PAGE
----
The case of Ex Parte Wise, 141. Fla. 222, 192 So. 872, involved a zoning ordinance of the City of Sarasota. F.L. Wise applied to the City for a permit to erect a combination dwelling, fruit packing house and display room on lots within the area affected by zoning ordinance. He first applied for an order rezoning the property so as to permit the erection of a combination house, but the application was withdrawn and the City of Sarasota issued a permit to build a residence of the same dimensions and description which had been previously refused, and after the completion of the building an application was made for a license to operate the business of packing and selling citrus fruit, but the license was refused. Near the building was a filling station, store, restaurant, dance hall, curio shop, two tourist camps, public school, and Ringling's Art School. The place of business is approximately two miles from the center of the City of Sarasota, north on the Tamiami Trail. F.L. Wise was arrested under a warrant issued by the City of Sarasota charging the violation of the zoning ordinance. This Court sustained the constitutionality of the zoning ordinance, but held that in its application to the building of Wise the same was unreasonable, unenforceable and unconstitutional. The Court in part said:

"This Court, speaking through Mr. Justice ELLIS, in Pounds v. Darling, 75 Fla. 125, 77 So. 666, L.R.A. 1918E 949, pointed out the prerequisites of a valid ordinance, and said:

" '. . . To be valid an ordinance must be reasonable and not in conflict with any controlling provision or principle of law (Waller v. Osteen, 60 Fla. 268, 52 South. Rep. 970) should be within the powers expressly or impliedly conferred (Hardee v. Brown, 56 Fla. 377, 47 South. Rep. 834; Malone v. City of Quincy, 66 Fla. 52, 62 South. Rep. 922; Ferguson v. McDonald, 66 Fla. 494, 63 South. Rep. 915), and if any doubt exists as to the extent of a power attempted to be exercised by a municipality out of the usual range, or which may affect the common-law right of a citizen, it is to be resolved against the municipality. Anderson v. Shackleford, 74 Fla. 36, 76 South. Rep. 343.'

"An ordinance when in force should not in its application deprive the owner of a reasonable use and enjoyment of his own property, thereby depriving him of his property without due process of law or just compensation. The ownership of property is guaranteed by the State and Federal Constitutions. Frequently it becomes necessary for the property and use thereof to yield to constitutional regulations. While a municipality or ordinance may regulate or limit the use of property in behalf of the general welfare of its citizens, such action is authorized only in a constitutional manner. See City of Palmetto v. Katch, 86 Fla. 506, 98 So. 352, Liggett Co. v. Amos, 104 Fla. 609, 141 So. 153.

"The permit granted by the City to the petitioner authorized him to construct a building of wood ninety feet in length and twenty-five feet in width, ten feet high, with a metal roof, and the building had living quarters therein. The City refused a permit for the same building when referred to as a 'combination building,' but granted the permit for a 'residence.' The building is shown to be neatly constructed, well painted, and the grounds are terraced and planted with shrubbery. It is shown that the building cost some $8,000.00 or $9,000.00. The City refused to issue a license to petitioner to sell citrus fruits from this building, but it had full knowledge of the type of business that petitioner intended to operate when the building permit issued. It has not been shown on this record that the business operated by the petitioner was deleterious to the health, safety or welfare of the people. It was the recommendation and opinion of the Honorable W.T. Harrison that the ordinance in its application to the building of the petitioner was unreasonable and the testimony fully establishes this conclusion.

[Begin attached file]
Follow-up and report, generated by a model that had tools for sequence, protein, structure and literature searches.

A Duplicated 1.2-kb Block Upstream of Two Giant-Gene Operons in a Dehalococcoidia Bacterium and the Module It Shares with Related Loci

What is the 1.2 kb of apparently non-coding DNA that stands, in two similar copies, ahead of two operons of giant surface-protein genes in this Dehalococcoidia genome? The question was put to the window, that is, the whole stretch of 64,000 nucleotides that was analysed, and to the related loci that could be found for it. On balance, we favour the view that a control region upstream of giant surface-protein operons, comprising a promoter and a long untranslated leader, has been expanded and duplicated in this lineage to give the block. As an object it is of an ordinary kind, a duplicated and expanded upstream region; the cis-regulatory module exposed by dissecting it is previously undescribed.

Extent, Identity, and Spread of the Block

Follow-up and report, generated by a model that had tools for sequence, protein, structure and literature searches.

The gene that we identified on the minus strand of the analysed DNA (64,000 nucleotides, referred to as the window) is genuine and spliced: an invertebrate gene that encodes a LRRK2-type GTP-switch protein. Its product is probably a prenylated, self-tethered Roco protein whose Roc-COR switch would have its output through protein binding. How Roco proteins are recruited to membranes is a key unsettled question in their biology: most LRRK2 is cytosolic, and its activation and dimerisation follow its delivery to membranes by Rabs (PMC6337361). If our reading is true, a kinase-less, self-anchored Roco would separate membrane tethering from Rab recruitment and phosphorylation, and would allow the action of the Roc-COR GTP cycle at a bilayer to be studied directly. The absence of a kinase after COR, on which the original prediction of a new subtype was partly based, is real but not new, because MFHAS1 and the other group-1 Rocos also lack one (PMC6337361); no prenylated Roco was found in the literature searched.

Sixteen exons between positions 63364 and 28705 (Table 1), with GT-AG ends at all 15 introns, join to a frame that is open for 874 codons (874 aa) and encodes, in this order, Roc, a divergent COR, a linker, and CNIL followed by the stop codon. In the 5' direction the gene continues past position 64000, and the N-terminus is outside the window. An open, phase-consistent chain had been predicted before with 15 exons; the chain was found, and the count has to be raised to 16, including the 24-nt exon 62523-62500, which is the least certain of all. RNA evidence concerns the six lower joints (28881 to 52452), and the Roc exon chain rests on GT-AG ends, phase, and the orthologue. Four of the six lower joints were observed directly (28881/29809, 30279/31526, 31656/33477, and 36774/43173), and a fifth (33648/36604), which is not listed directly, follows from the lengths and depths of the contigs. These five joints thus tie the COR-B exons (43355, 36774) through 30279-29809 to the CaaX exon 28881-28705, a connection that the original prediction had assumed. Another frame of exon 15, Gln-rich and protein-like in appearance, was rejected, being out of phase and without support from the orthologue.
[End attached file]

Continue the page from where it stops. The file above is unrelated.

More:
"It is well settled law that when a zoning ordinance in its application has the effect of completely depriving an owner of the beneficial use of his property, the ordinance should be altered or amended so as to prevent a confiscation of property without compensation. See State ex rel. Taylor v. City of Jacksonville, 101 Fla. 1241, 133 So. 114; State ex rel. Helseth v. DuBose, 99 Fla. 812, 128 So. 4."

The ordinance in its application to the property of the defendant in error restricted its use to residential purposes and required him to pay an ad valorem tax annually in the sum of $1,600.00 on an assessed valuation of $50,000.00. The area surrounding the locus was business property and it was clearly unusable for residential purposes. See Blitch v. City of Ocala, 142 Fla. 612, 195 So. 406; Hunter v. Green, 142 Fla. 104, 194 So. 379; City of Miami Beach v. The Texas Co., 141 Fla. 616, 194 So. 368; Moon v. Smith, 138 Fla. 410, 189 So. 835; State ex rel. Townsend v. Farrey, 133 Fla. 15, 182 So. 448; Snedigar v. Keefer, 131 Fla. 191, 179 So. 421; City of Miami Beach v. State, 128 Fla. 750, 175 So. 537; State ex rel. Helseth v. DuBose, 99 Fla. 812, 128 So. 4.

We have read the briefs and examined the authorities cited and have heard able argument at the bar of this Court. The lower court held, and there is ample testimony in the record to sustain his conclusion, that the ordinance before us in its application to the property of defendant in error is arbitrary and in effect deprives him of property rights safeguarded and protected by the fundamental law, both State and Federal. Such an ordinance is in conflict with our republican traditions and on the judiciary rests the responsibility under our system in the behalf of our national perpetuity to decree such ordinances invalid immediately when the issues are properly presented.

We fail to find error in the record and accordingly the judgment apealed from is hereby affirmed.


ADAMS, J., dissents.

Summaries of

Ehinger, et al., v. State ex rel

Supreme Court of Florida. En Banc
May 20, 1941
2 So. 2d 357 (Fla. 1941)
Case details for

Ehinger, et al., v. State ex rel

Case Details

Full title:EDWARD EHINGER, as Building Inspector of the Town of PALM BEACH, and the…

Court:Supreme Court of Florida. En Banc

Date published: May 20, 1941


2 So. 2d 357 (Fla. 1941)
2 So. 2d 357